and that Manzella did not act within the scope of that order.
Manzella, in turn, has filed a competing motion for summary
judgment, arguing that he acted in accordance with a valid
court order, that he is immune from liability, and that
Plaintiffs have failed to establish concrete damages.
STANDARD OF REVIEW
motion for summary judgment under Federal Rule of Civil
Procedure 56 shall be granted “if the movant shows that
there is no genuine dispute as to any material fact and the
movant is entitled to judgment as a matter of law.”
Fed.R.Civ.P. 56(a). A genuine dispute of material fact exists
when there are “disputes over facts that might affect
the outcome of the suit under the governing law.”
Anderson v. Liberty Lobby, Inc., 477 U.S. 242, 248
(1986). “[F]acts must be viewed in the light most
favorable to the nonmoving party only if there is a
‘genuine' dispute as to those facts.”
Scott v. Harris, 550 U.S. 372, 380 (2007).
“Where the record taken as a whole could not lead a
rational trier of fact to find for the nonmoving party, there
is no genuine issue for trial.” Matsushita Elec.
Indus. Co. v. Zenith Radio Corp., 475 U.S. 574, 587
the movant satisfies its initial burden of demonstrating the
absence of any genuine issue of material fact, the burden
shifts to the nonmoving party to set forth specific facts
showing a triable issue of material fact. Scott, 550
U.S. at 380; Celotex Corp. v. Catrett, 477 U.S. 317,
323 (1986). The nonmoving party “must do more than
simply show that there is some metaphysical doubt as to the
material facts, ” Scott, 550 U.S. at 380
(quoting Matsushita, 475 U.S. at 586), as the
“mere existence of some alleged factual
dispute between the parties will not defeat an otherwise
properly supported motion for summary judgment, ”
id. (quoting Anderson, 477 U.S. at 247-248)
(emphasis in original); see also Babcock & Wilcox Co.
v. Cormetech, Inc., 848 F.3d 754, 758 (6th Cir. 2017)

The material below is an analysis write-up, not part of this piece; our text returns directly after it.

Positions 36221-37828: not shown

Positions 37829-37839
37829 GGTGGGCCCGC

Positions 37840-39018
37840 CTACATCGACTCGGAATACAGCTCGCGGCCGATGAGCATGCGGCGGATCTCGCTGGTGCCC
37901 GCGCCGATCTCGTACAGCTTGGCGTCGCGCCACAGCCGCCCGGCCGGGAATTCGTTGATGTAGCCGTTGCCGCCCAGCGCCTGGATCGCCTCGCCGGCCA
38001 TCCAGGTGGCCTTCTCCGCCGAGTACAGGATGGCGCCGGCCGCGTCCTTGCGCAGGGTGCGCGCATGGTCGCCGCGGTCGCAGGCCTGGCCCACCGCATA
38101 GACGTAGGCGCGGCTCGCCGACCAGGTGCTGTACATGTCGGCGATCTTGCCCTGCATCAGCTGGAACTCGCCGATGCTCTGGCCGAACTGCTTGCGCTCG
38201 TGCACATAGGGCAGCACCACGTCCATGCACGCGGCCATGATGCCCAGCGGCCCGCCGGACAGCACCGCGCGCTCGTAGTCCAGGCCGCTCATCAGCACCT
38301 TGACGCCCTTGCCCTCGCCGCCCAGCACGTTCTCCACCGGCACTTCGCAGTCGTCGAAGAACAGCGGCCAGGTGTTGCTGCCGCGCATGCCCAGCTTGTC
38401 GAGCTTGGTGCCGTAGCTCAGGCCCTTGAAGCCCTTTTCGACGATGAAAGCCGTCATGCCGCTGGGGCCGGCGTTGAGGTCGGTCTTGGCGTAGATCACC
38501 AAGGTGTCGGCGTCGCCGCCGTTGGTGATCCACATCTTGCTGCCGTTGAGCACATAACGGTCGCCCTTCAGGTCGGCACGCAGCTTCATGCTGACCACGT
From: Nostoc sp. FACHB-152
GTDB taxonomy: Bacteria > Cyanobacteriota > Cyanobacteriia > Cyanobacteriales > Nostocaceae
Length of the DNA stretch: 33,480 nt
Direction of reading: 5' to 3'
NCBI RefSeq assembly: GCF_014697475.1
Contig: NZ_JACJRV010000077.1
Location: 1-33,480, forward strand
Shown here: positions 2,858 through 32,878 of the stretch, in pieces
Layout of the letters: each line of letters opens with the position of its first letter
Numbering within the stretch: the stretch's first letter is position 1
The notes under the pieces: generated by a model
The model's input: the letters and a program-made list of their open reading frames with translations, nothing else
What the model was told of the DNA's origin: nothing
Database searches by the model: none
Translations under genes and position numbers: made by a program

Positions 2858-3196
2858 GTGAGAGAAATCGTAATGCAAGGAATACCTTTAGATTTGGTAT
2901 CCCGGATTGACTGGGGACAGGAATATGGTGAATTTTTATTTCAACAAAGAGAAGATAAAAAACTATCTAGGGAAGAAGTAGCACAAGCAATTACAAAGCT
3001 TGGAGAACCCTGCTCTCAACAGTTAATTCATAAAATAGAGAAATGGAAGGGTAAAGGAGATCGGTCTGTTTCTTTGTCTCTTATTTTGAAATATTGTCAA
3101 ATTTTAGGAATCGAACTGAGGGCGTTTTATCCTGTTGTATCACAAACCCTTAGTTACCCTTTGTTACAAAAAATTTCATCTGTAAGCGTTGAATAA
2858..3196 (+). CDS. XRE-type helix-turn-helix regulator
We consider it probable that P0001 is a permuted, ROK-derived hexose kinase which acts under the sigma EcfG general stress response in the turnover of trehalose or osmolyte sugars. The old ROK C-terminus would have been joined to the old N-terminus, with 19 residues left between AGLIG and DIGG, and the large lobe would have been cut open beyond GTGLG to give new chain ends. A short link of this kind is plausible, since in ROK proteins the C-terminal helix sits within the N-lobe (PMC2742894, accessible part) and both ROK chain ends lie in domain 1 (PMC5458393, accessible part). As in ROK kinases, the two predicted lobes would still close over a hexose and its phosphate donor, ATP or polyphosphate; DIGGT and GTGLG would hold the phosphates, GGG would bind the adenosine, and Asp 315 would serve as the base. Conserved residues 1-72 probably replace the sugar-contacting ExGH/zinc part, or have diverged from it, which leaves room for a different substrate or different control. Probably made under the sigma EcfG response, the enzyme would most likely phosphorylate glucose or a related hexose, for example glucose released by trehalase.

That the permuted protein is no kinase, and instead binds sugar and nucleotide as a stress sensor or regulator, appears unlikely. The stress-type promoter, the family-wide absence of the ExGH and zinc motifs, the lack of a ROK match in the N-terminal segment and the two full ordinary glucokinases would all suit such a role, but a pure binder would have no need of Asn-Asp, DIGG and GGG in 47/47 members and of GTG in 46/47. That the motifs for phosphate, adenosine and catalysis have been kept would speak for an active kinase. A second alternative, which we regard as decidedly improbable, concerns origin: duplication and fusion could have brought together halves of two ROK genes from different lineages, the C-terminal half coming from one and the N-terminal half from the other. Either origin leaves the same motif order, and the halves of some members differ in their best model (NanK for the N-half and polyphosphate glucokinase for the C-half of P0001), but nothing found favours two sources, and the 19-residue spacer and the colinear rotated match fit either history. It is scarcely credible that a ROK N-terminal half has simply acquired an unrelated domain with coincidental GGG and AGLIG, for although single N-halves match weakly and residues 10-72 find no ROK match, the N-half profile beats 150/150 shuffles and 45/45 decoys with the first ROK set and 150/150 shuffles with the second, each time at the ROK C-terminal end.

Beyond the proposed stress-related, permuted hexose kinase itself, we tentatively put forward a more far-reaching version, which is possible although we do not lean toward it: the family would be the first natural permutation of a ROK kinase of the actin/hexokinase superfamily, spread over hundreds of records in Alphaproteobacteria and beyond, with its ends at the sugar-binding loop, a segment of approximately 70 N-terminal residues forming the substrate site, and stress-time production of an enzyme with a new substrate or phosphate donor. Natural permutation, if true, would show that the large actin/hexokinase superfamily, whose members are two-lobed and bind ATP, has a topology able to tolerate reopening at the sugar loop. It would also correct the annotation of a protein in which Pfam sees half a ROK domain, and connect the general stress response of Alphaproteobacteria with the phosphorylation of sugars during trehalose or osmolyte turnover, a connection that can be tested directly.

(“A mere scintilla of evidence or some metaphysical
doubt as to a material fact is insufficient to forestall
42 U.S.C. § 1983 - Violation of the Fourth
argue that Manzella violated their Fourth Amendment rights
when he seized Plaintiffs' property and effectively
terminated the business operations of non-debtors Medical
Center and Healthorama. In opposition, Manzella primarily
contends that his actions were reasonable as a matter of law
because he was acting within his authority to execute a valid
court order. In reply, Plaintiffs maintain that (1) the order
to seize was invalid because it was not
“endorsed” and (2) Manzella exceeded the scope of
his authority under the order.
42 U.S.C. § 1983, civil liability may be imposed against
state actors who have deprived a citizen of his or her
constitutional rights. Baynes v. Cleland, 799 F.3d
600, 607 (6th Cir. 2015). To prevail on a claim brought
pursuant to § 1983, a plaintiff must demonstrate
“(1) he defendant was a person acting under the color
of state law, and (2) the defendant deprived the plaintiff of
rights, privileges, or immunities secured by the Constitution
or laws of the United States.” Fridley v.
Horrighs, 291 F.3d 867, 871-872 (6th Cir. 2002). There
is no dispute that Manzella, a court officer, was acting
under the color of state law. Rather, the parties contest
whether the factual record supports Plaintiffs'
contention that they were deprived of their Fourth Amendment
Fourth Amendment protects “[t]he right of the people to
be secure in their persons, houses, papers, and effects
against unreasonable searches and seizures.” U.S.
Const. amend. IV. These protections apply in both the civil
and criminal contexts. Soldal v. Cook Cty., 506 U.S.
56, 67 (1992). A seizure of property occurs when
“‘there is some meaningful interference with an